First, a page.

Knee Joint Replacement
How common is knee joint replacement in Australia?
According to the Australia’s National Joint Registry, there were more than 62,624 knee replacements were performed in 2020, with the lowest surgical revision rate on record at 7.3% (down from 8.8% in 2014).
This suggests that modern surgical techniques are improving every year and that knee replacement has a high efficacy rate for Australians living in pain with arthritis.
What does knee joint replacement surgery involve?
– In general, knee replacement surgery consists of replacing the diseased or damaged joint surfaces of the knee with metal and plastic components shaped to allow continued motion of the knee.
– Knee replacements are performed for severe arthritic knees and can be unilateral (one knee) or bilateral (two knees).
– The operation typically involves substantial postoperative pain, and includes vigorous physical rehabilitation.
– The recovery period may be 6 weeks or longer and may involve the use of mobility aids (e.g. walking frames, canes, crutches) to enable the patient’s return to preoperative mobility.
– Most patients can safely drive at 6 weeks and gradually increase walking distances in 6 weeks.
– Here is a before and after shot of one of Dr Herald’s patients before and 10 days post op.
What are the specific types of surgical replacement procedures Dr Herald offers?
Uni-compartmental Replacement of The Knee
For osteoarthritis sufferers where the problem is limited to only one side of the knee, a uni-compartmental knee replacement is an alternative surgical option to total knee replacement surgery.
Your orthopaedic surgeon should be consulted to discuss the extent of your arthritis to determine if a uni-compartmental knee replacement is right for you.
Total Knee Replacement
– Advanced arthritis of the knee is very painful. When non surgical treatments like medications and gentle exercise no longer manage pain, a total knee replacement surgery is an effective way to relieve pain, correct deformity and improve function of the knee.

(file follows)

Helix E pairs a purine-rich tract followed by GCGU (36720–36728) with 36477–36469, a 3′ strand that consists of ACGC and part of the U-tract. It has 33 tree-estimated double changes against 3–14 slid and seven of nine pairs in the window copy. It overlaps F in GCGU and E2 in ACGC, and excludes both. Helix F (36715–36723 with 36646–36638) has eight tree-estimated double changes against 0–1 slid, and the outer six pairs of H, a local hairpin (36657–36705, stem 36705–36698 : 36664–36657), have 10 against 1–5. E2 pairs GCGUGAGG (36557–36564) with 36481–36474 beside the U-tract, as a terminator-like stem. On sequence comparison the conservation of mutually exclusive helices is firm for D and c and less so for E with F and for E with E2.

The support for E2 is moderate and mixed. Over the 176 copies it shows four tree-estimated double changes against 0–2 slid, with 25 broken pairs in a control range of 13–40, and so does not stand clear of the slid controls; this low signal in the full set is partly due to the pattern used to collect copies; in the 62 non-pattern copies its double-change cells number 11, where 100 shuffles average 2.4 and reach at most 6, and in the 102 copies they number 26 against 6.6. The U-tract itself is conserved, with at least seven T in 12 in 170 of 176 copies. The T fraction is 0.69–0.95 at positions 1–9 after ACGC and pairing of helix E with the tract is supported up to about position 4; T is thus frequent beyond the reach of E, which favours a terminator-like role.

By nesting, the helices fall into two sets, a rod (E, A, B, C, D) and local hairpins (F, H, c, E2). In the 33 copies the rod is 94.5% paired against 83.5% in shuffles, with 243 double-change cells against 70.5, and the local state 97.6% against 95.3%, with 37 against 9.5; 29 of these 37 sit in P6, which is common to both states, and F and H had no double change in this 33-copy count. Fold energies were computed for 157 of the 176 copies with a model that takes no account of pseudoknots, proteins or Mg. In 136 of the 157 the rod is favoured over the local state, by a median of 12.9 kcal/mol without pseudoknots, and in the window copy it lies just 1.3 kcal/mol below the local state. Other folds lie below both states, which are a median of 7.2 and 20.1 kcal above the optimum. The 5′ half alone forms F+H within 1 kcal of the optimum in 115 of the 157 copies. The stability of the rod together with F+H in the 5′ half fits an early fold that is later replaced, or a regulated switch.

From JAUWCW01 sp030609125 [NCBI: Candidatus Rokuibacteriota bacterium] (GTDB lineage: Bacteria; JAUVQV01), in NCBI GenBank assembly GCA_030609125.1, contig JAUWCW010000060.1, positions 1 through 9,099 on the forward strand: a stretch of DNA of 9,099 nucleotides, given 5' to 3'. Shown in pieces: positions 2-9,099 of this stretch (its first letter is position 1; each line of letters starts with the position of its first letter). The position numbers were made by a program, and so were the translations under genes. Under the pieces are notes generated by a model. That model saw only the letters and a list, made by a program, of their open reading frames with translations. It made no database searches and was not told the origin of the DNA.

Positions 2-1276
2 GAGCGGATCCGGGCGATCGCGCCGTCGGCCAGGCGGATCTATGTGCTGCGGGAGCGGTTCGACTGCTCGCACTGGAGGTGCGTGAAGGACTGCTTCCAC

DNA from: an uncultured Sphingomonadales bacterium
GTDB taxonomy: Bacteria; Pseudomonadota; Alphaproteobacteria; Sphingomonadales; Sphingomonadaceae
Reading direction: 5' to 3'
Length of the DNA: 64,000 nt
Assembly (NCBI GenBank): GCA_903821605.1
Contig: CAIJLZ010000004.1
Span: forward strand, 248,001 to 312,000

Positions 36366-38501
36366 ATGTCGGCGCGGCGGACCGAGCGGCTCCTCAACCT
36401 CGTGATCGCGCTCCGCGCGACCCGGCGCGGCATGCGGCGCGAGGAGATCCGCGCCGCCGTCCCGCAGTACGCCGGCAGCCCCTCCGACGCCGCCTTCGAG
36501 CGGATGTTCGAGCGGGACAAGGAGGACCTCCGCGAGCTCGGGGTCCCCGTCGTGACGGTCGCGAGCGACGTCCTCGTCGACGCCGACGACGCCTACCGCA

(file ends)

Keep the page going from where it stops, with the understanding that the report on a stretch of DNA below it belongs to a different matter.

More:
– Total knee replacement surgery is also called knee arthroplasty.
– Knee arthroplasty involves implanting new femoral, tibial, tibial insert and patella components into the knee joint. The implants may be cemented or press fit into position.
– The goal of surgery is to balance the knee so that future wear and tear of the new joint occurs as evenly over the new implant surface as possible. Physiotherapy is a very important part of the post op recovery process of total knee replacement surgery.
Biomet PSI Total Knee Replacement
Whilst your choice of a long lasting total knee replacement prosthesis is important, equally it is important to get the positioning and balance right when putting it in.
A combination of using the Biomet Vanguard total knee replacement prosthesis and the Signature personalized (PSI) technology, means you get a powerful combination of durability and fit for the maximum possible life of your joint replacement.
A joint tailor-made for your body.
What conditions require a total knee replacement surgery?
Knee replacement is used for:
– Rheumatoid arthritis
– Psoriatic arthritis
– A torn meniscus
– Cartilage defects
– Ligament tears
What are the no gap and self-pay options for knee replacement surgery?
– To avoid waits of over a year in the public system, Dr Herald now offers self-funded knee surgery in the private system see payment options here.
– For patients who have private health insurance with HCF, Bupa, Medibank Private, Westfund or DefenceHealth, Dr Herald offers a no gap joint replacement fee (shoulder and knee) service for his fee for patients who have their surgery at East Sydney Private Hospital.
– This also includes no gap fee for the anaesthetist and physiotherapy performed in your home. Find out the short stay no gap program at East Sydney Private Hospital here.
How do I change a knee dressing after surgery?
Key points to remember here:
– Keep all dressings dry. Tape a garbage bag onto knee for showering
– After 24 hours, remove outer pressure bandage with gloves and washed hands
– After that remove the padding to reveal clear waterproof dressings which should not be removed
– Any sign of pus or redness contact Dr Herald’s rooms immediately or see your GP.
Please watch this video where Dr Herald discusses how to change a dressing after surgery and the red flags to watch for after surgery.
Nutrition after knee surgery
Wha foods are good to eat after knee surgery?
– Vitamin C helps boost immunity, (think oranges and strawberries)
– Calcium is a crucial building block for strong bones (milk, yoghurt and cheese)
– Vitamin D helps us absorb calcium (think fatty fish, tuna, eggs and cheese)
The combination of zinc, protein and Vitamin C helps wounds heal faster. Meat, dark poultry and oysters suffice for zinc.
– Omega 3 has anti-inflammatory effect after a procedure – (think salmon and tuna).
– After your procedure medications can slow bowels down – (think fibre foods such as oats and wholegrain breads).